An Israeli re-visits her home in Cairo

 Tahrir Square now and then: it was home to Ada Aharoni’s family before their brutal expulsion in 1948.

These two poems were written  by the author, academic and poetess Ada Aharoni when she visited her home in Cairo for the first time in 30 years.




 Ada Aharoni

On the eve of Hanukah

I climb the staircase

Of what used to be my home –

In El Tahrir Square in Cairo

In my faraway Egyptian past.

After thirty fleeting years

With trembling hand

I ring the bell of my former home.

A woman with a kind round smile

Opens the door, hears my story and cries:

“You lived in this house thirty years ago?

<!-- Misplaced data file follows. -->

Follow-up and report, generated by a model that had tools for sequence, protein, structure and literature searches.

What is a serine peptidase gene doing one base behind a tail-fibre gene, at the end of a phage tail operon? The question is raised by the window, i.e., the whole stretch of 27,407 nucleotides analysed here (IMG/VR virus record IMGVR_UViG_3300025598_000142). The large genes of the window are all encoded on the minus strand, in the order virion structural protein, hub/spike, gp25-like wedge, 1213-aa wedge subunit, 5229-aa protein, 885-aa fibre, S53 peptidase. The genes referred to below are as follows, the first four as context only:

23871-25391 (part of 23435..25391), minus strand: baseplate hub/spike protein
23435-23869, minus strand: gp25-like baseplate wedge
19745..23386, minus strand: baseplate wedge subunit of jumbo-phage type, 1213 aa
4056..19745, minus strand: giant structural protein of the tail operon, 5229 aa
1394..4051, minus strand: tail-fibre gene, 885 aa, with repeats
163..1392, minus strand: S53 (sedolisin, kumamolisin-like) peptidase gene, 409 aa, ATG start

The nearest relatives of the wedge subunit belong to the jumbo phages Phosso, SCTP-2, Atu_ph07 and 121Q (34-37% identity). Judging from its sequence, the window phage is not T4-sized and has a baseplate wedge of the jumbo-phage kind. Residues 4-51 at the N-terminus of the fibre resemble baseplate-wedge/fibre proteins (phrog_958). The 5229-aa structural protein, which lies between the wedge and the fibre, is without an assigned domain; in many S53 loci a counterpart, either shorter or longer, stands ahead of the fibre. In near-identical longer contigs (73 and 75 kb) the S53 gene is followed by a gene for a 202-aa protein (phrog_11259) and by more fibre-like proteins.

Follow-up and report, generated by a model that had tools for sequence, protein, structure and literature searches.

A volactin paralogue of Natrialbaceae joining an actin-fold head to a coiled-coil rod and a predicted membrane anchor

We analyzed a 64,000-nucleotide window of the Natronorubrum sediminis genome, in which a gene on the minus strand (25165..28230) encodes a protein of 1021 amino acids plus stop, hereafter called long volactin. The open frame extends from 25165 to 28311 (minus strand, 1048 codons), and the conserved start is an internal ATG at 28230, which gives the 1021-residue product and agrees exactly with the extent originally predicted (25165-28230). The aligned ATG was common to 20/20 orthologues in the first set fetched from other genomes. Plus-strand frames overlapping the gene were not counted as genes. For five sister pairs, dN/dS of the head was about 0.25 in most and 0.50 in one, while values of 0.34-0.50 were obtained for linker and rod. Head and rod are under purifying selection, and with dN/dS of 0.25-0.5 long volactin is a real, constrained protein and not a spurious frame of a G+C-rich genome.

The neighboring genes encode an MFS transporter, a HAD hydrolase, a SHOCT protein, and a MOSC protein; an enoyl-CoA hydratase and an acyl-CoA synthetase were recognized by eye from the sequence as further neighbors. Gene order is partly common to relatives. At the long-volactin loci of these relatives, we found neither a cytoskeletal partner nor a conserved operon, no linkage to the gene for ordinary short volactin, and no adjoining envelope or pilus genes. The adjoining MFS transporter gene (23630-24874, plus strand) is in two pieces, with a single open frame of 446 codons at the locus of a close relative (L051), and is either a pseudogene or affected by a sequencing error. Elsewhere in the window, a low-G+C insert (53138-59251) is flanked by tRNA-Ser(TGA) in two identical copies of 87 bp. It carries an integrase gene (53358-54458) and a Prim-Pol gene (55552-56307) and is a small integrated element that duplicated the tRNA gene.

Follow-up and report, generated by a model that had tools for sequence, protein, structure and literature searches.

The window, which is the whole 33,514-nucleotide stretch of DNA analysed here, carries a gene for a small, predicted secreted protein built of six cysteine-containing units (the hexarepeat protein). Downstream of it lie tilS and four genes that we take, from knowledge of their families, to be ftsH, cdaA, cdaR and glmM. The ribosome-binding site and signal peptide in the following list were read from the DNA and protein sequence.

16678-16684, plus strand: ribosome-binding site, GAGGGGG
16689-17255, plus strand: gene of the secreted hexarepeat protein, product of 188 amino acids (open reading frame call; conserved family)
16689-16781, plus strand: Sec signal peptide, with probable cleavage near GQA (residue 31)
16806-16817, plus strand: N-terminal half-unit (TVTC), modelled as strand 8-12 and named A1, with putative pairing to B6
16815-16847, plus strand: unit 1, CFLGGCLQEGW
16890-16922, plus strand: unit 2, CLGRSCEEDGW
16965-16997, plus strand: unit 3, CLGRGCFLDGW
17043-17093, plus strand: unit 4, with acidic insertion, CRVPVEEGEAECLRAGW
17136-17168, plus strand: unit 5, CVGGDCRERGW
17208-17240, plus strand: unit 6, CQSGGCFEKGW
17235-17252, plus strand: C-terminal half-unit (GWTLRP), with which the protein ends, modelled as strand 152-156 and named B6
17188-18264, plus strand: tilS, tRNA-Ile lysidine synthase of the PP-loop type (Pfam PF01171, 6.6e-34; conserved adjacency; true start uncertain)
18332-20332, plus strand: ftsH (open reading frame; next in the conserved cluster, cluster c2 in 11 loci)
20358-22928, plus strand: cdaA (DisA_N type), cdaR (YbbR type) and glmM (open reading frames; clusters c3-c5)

Come in, come in, ahlan wesahlan, welcome,

I am so glad you came!

I have kept something of yours

For thirty years, which I think

Is important.

But first, coffee and sharbat,

And my bassboussa dipped in golden honey…

I sip the honey, sharbat and coffee

While happy, hurting memories

Flamboyant pictures of the past

Flow down my spine

Like the turbid copper waters

Of the Nile.

Then with a round secretive smile

Monira places on the table

A white nylon bundle and

Slowly, slowly opens

Our Hanuka miracle –

A velvet bag

With golden letters and a flower

Embroidered by my grandmother

Half a century ago –

And in it

My Father’s Talit

My Father’s prayer shawl!


I will inhale the Bridge

And will exhale the wall.

I sang you Bridge

In every grain

Of the Pomegranate of my life,

I wrote you in all the languages

In all the keys of a unique

Immortal Symphony.

Ada Aharoni’s story

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